Ambassador Mirpuri points out the two conditions under POFMA by which the government aims to get false statements corrected or have them removed from the online space, when the statements affect the public interest. As POFMA’s critics have pointed out, the public interest hasn’t been defined properly, and as its critics told me, the decision on whether a particular statement is false is made by a politician or government official—and what criteria would be applied is not known. Ambassador Mirpuri says “well-established jurisprudence” would define that, and statements of opinion won’t be covered by the act. I hope he is right: past Singaporean jurisprudence of some libel cases involving commentators who have written critical opinions about Singapore in the international media suggests a less rosy conclusion.
Ambassador Mirpuri adds that POFMA was passed after a long and thorough examination in Parliament, and he mentions the safeguards that are built in, which are all noted in my piece. He also lays out the reasonable steps the government says it would take in seeking to correct false statements. The law’s critics do not share his point of view, and they draw on the experience other critics of the government, both Singaporeans and foreigners, have had in this regard. As I mention in my piece, Singapore already has a formidable array of laws to regulate free speech, laws that the government has not hesitated to use over the years. As a former correspondent of Far Eastern Economic Review based in Hong Kong and Singapore, and a contributor to The Wall Street Journal over the years, I have some familiarity with those episodes.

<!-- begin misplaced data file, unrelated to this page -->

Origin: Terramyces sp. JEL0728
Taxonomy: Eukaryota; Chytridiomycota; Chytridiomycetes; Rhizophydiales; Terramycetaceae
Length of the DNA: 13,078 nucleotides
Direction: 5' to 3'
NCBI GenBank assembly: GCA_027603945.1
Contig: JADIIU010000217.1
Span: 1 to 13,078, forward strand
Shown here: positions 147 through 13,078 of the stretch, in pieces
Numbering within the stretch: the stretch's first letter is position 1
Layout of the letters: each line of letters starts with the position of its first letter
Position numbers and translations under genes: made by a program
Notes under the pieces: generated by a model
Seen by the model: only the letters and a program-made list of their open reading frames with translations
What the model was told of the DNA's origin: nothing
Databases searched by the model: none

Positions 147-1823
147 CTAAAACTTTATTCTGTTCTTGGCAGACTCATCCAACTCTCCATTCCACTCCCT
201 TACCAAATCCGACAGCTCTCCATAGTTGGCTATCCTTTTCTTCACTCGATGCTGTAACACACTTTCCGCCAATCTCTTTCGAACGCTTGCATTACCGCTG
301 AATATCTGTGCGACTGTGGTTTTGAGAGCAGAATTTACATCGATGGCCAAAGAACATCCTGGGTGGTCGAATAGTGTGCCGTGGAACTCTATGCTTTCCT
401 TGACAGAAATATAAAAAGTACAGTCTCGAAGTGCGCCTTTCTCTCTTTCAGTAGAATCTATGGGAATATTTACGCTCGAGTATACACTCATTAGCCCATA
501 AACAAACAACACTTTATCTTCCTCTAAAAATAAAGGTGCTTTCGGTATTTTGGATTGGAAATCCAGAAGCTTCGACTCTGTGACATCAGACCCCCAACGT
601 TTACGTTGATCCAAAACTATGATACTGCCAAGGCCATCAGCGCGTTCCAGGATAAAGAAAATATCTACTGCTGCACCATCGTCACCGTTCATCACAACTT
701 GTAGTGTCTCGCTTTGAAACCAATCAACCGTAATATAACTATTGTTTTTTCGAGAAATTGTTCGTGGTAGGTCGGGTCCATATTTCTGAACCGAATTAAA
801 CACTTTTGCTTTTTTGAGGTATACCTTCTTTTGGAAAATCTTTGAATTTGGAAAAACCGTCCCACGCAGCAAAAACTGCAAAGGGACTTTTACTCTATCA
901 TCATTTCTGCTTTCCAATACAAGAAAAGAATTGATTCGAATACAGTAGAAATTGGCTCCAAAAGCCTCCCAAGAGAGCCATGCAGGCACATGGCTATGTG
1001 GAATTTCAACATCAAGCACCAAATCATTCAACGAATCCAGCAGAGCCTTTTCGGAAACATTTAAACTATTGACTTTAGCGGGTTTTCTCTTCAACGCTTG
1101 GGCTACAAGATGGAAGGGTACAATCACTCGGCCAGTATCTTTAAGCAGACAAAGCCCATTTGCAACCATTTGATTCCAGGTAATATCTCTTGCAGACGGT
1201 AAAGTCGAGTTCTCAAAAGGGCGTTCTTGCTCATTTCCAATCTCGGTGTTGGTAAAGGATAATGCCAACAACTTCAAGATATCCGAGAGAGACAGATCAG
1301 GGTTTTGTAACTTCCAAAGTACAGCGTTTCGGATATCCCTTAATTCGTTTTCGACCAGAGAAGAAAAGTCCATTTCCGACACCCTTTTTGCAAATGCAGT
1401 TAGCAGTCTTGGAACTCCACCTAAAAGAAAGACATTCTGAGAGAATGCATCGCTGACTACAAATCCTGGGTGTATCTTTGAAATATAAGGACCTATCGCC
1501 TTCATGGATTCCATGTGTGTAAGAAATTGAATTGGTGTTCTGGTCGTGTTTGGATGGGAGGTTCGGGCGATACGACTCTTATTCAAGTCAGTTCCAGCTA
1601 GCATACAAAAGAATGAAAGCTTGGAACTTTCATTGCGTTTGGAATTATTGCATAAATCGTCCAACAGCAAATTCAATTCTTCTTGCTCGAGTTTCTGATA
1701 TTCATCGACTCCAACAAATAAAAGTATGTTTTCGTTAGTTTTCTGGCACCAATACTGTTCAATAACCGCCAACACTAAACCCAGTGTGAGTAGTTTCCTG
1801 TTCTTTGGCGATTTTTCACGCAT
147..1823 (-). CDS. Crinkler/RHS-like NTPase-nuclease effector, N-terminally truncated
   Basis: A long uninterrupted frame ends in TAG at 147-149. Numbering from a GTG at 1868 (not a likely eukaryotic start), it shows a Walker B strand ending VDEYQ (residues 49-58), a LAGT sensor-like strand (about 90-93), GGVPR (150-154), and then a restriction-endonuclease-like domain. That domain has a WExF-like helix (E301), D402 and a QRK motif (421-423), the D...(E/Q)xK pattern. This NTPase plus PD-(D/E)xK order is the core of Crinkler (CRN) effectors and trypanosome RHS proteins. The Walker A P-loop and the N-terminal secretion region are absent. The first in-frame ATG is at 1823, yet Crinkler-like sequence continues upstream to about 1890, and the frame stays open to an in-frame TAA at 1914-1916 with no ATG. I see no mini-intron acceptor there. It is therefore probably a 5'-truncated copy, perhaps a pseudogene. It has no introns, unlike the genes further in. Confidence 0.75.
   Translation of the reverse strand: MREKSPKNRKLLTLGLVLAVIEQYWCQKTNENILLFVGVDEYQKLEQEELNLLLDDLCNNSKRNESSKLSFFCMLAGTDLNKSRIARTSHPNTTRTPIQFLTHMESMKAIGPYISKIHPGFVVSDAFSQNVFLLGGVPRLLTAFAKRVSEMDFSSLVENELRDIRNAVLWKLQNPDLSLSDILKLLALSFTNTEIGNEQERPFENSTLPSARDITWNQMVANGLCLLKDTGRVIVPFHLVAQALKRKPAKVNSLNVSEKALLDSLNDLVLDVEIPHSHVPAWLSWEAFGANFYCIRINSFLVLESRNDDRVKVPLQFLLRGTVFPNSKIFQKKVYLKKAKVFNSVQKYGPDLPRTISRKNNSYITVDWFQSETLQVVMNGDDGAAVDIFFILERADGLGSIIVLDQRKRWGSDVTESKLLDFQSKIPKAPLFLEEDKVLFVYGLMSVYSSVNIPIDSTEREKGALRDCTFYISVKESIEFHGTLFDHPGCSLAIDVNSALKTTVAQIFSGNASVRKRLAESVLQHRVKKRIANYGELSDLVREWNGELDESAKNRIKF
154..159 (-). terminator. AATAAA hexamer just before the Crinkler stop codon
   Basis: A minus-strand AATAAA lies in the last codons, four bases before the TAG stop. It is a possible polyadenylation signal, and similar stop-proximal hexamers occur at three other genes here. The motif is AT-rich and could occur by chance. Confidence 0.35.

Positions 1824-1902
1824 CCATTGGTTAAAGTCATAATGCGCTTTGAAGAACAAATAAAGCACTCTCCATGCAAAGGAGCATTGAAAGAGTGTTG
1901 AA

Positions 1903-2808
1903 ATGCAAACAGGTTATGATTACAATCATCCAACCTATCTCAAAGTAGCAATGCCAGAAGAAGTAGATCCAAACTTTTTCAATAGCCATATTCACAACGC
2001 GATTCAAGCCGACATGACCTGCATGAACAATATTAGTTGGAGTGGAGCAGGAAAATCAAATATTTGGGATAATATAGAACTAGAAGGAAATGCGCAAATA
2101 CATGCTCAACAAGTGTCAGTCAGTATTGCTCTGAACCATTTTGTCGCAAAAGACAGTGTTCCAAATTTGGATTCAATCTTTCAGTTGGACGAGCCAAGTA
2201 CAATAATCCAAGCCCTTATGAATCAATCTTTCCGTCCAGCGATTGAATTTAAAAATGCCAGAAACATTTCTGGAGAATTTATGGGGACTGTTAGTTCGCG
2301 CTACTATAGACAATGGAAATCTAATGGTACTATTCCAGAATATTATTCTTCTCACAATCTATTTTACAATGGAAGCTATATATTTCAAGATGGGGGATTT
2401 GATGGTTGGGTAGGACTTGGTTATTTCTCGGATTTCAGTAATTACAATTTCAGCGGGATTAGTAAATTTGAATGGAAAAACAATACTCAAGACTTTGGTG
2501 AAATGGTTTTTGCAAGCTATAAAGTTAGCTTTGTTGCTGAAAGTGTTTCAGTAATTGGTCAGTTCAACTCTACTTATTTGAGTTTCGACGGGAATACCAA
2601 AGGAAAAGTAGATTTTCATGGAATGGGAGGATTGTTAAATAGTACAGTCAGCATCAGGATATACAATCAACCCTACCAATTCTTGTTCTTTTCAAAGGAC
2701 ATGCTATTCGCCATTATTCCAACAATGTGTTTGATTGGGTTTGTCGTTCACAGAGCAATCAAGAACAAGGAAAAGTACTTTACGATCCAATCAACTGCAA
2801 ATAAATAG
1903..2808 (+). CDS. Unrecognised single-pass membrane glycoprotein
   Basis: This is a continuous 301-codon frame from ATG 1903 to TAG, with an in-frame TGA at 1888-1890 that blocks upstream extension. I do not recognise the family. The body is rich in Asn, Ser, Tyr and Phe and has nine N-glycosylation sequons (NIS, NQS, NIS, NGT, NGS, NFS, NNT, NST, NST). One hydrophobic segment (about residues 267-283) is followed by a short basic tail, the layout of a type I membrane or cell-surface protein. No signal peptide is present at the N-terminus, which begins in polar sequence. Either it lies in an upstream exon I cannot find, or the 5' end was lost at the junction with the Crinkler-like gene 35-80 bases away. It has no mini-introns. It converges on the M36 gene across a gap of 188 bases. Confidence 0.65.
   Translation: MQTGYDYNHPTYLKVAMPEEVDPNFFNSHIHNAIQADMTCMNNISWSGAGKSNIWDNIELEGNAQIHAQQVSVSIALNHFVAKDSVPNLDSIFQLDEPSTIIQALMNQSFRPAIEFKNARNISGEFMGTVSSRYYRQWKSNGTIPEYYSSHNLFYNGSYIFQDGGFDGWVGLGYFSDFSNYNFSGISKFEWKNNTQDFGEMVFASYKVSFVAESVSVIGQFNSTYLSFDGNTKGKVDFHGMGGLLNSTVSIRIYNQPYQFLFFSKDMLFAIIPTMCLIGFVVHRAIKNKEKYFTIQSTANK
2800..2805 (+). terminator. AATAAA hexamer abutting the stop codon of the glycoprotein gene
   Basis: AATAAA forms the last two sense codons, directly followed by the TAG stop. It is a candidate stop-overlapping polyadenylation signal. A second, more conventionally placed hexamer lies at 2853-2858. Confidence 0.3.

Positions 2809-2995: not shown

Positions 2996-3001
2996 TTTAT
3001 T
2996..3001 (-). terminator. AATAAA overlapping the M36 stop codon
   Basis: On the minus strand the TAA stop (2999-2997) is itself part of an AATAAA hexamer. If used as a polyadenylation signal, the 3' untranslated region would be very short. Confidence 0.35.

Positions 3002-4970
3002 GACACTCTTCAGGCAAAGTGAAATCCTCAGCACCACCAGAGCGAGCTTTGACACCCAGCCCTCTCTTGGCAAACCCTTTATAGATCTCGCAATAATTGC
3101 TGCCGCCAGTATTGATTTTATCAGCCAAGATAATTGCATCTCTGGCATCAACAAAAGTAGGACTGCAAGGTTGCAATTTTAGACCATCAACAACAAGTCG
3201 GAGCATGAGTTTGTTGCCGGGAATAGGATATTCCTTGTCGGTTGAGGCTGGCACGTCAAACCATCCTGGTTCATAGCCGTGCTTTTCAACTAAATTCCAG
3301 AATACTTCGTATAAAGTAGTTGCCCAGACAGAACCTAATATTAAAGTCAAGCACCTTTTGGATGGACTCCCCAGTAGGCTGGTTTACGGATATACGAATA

Ambassador Mirpuri also states that Singapore’s law is not meant as a model for the rest of the world, and he is right to note that online falsehoods can harm or disrupt Singapore’s multiracial and multicultural character. Nobody who wishes well for Singapore would want the city or its people to be harmed. But fake news is a nebulous term. There will be genuine curiosity among governments around the world about how Singapore implements POFMA, because Singapore’s efficient use of laws is a matter of significant interest among many countries that would indeed like to replicate the Singapore model.